Then, of course, we had a Canadian GP dominated by Max Verstappen, Fernando Alonso and Lewis Hamilton, with 11 world championships between them, as Leclerc battled to fourth back in his Gilles helmet, having been seriously underwhelmed by what he saw as cack-handed Ferrari tyre strategy failing to get him beyond Q2. And joining the first three on the podium was none other than Adrian Newey who, on the day that Red Bull achieved its 100th GP victory, was enjoying the 200th win by cars he’s been significantly responsible for. Over 30-odd seasons, that’s pretty mind-boggling!

Actually, his very first should have been Montreal ’91. Another F1 icon, Ayrton Senna, whose 41 GP victories were equalled by Verstappen last Sunday, had won the first four races of the season but, clearly, Newey’s Williams FW14, complete with its new semi-auto gearbox, was a threat. In Canada, Nigel Mansell dominated the race and on the last lap, as he reached the hairpin, slowed down and started waving to the crowd. The revs dropped lower than the semi-auto was anticipating and it effectively went into stall mode, allowing a gleeful Nelson Piquet to sweep by his old nemesis and claim his 23rd and final GP victory for Benetton as Nigel ground to a halt.

Nigel Mansell 1992 Canada

“Oh gear oh gear” – Nigel Mansell’s (left) once assured victory is shattered as his Williams struggles to find a gear

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Up in the press room, this was a bit of a nightmare for the Fleet Street boys. With the five-hour Montreal time difference, they are always right up against the deadline for the Monday papers and are obliged to write their reports as the race goes on, then top and tail it with a couple of quotes from the winner if time permits. They had all been ready with their ‘Nigel stops Senna victory train’ stories when the drama unfolded…

Of course, the cause was not immediately apparent and The Sun’s Stan Piecha quite logically figured that Nigel had run out of fuel within sight of the flag. He hot-footed it to the phone, phoned the sports desk to tell them his copy would be there imminently and told them to headline it, “Oh you silly fuel!”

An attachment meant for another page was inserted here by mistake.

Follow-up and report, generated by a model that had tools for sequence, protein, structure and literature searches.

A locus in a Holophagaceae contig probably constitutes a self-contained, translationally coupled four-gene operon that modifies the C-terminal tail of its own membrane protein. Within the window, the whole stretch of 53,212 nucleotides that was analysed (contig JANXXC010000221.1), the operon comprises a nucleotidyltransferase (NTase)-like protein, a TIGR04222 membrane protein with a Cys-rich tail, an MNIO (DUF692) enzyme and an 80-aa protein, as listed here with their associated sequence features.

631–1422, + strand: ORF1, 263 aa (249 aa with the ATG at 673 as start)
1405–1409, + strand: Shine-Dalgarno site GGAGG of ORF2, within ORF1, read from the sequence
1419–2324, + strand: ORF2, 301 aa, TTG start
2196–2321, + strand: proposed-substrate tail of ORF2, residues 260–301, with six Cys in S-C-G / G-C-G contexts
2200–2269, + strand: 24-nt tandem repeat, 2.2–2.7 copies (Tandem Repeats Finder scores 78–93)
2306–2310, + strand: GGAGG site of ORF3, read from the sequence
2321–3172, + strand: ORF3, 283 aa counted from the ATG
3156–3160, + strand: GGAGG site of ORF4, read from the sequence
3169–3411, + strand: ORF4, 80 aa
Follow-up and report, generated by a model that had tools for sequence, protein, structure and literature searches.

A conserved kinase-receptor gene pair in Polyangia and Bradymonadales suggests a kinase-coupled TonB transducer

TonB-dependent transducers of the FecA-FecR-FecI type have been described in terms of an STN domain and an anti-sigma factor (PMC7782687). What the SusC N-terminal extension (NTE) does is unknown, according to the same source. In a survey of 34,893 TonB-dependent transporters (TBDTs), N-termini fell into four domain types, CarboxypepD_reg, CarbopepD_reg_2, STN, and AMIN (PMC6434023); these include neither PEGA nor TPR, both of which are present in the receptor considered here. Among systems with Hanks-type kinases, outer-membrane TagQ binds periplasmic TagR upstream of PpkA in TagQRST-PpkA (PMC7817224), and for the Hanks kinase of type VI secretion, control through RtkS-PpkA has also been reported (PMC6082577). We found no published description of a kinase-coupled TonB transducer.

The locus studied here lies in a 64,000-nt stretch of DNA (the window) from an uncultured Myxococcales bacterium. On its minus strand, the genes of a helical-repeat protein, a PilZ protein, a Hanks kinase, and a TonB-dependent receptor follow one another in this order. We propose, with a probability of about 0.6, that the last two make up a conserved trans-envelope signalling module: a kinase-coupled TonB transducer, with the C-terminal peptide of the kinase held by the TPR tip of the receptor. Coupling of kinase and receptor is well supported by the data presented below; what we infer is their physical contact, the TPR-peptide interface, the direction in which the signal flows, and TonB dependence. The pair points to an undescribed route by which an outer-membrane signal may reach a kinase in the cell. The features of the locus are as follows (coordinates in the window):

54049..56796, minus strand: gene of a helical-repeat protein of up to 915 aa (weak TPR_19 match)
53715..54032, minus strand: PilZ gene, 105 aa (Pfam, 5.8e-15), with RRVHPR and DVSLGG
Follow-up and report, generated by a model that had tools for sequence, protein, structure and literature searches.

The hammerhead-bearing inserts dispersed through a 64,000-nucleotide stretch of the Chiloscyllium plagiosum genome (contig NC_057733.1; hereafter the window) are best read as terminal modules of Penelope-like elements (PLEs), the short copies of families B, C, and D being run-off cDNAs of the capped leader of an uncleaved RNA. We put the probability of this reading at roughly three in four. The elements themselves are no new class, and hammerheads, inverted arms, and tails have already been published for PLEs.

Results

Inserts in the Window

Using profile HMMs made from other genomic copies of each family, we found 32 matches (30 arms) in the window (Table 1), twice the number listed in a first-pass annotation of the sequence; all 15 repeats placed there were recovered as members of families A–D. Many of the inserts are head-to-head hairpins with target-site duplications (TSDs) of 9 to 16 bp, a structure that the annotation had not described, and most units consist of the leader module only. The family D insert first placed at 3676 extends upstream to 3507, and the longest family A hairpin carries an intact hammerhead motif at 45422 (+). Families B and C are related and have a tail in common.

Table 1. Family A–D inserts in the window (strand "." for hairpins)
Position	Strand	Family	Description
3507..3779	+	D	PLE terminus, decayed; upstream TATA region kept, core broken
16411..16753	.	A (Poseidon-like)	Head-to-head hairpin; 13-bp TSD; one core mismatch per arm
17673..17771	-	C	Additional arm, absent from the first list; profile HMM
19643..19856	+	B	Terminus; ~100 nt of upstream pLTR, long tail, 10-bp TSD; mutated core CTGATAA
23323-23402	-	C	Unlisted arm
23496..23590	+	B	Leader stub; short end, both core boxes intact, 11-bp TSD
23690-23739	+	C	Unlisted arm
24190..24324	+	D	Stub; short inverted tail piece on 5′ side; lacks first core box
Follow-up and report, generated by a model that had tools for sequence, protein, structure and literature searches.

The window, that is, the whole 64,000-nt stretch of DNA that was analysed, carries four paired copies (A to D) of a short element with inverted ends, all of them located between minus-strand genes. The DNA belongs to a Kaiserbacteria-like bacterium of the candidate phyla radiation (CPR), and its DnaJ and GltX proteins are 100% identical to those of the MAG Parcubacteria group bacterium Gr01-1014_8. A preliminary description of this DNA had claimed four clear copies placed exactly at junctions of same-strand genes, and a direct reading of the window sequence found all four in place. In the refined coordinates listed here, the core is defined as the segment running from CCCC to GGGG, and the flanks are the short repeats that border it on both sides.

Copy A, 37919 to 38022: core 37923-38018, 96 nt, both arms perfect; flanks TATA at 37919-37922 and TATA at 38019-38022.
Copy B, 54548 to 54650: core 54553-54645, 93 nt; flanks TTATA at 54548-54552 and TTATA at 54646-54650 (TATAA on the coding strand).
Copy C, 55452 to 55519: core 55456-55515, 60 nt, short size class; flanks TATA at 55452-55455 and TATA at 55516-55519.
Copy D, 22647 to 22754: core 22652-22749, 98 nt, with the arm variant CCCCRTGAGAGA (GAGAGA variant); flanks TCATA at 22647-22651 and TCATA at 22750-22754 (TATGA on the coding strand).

Whereupon someone else arrived back from the paddock having just cornered Williams co-owner and tech chief Patrick Head who, in his own inimitable way, had revealed what had actually happened.

“Oh bugger,” said Stan, who was immediately back on the blower to the desk. “Cancel that headline,” he said, “Call it, ‘Oh gear, oh gear…'” Brilliant! Whatever, Adrian Newey had to wait another couple of weeks for Riccardo Patrese to give him his first F1 win, in Mexico.

Ayrton Senna 1991 yellow helmet

Senna’s yellow lid remains one of the most iconic helmet designs and has inspired new world champions to follow in his footsteps

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Going back to where we came in, talking of iconic crash helmets, Senna’s distinctive yellow lid always put the fear of God into anyone seeing it in their mirrors, which was one of the reasons that Hamilton adopted it prominently in his initial designs. It was interesting to hear Alonso admit, post-race, after a close final stint against Lewis, that Hamilton, on a charge, is the last person you want to see in your mirrors.

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As for Verstappen at the moment, it doesn’t really matter. He could paint his helmet John Major grey because, as things stand, he’s never in anyone’s mirrors until the blue lights come on…

At least Montreal was promising for the opposition given Aston Martin’s upgrades and Hamilton’s performance at a track that doesn’t play to Mercedes strengths even if it does Lewis’. Then again, you don’t really need downforce either, so it was hardly a Red Bull track either. Will anyone beat them this year, or will Newey, perhaps the most valuable F1 icon of all, finish the season on win number 214?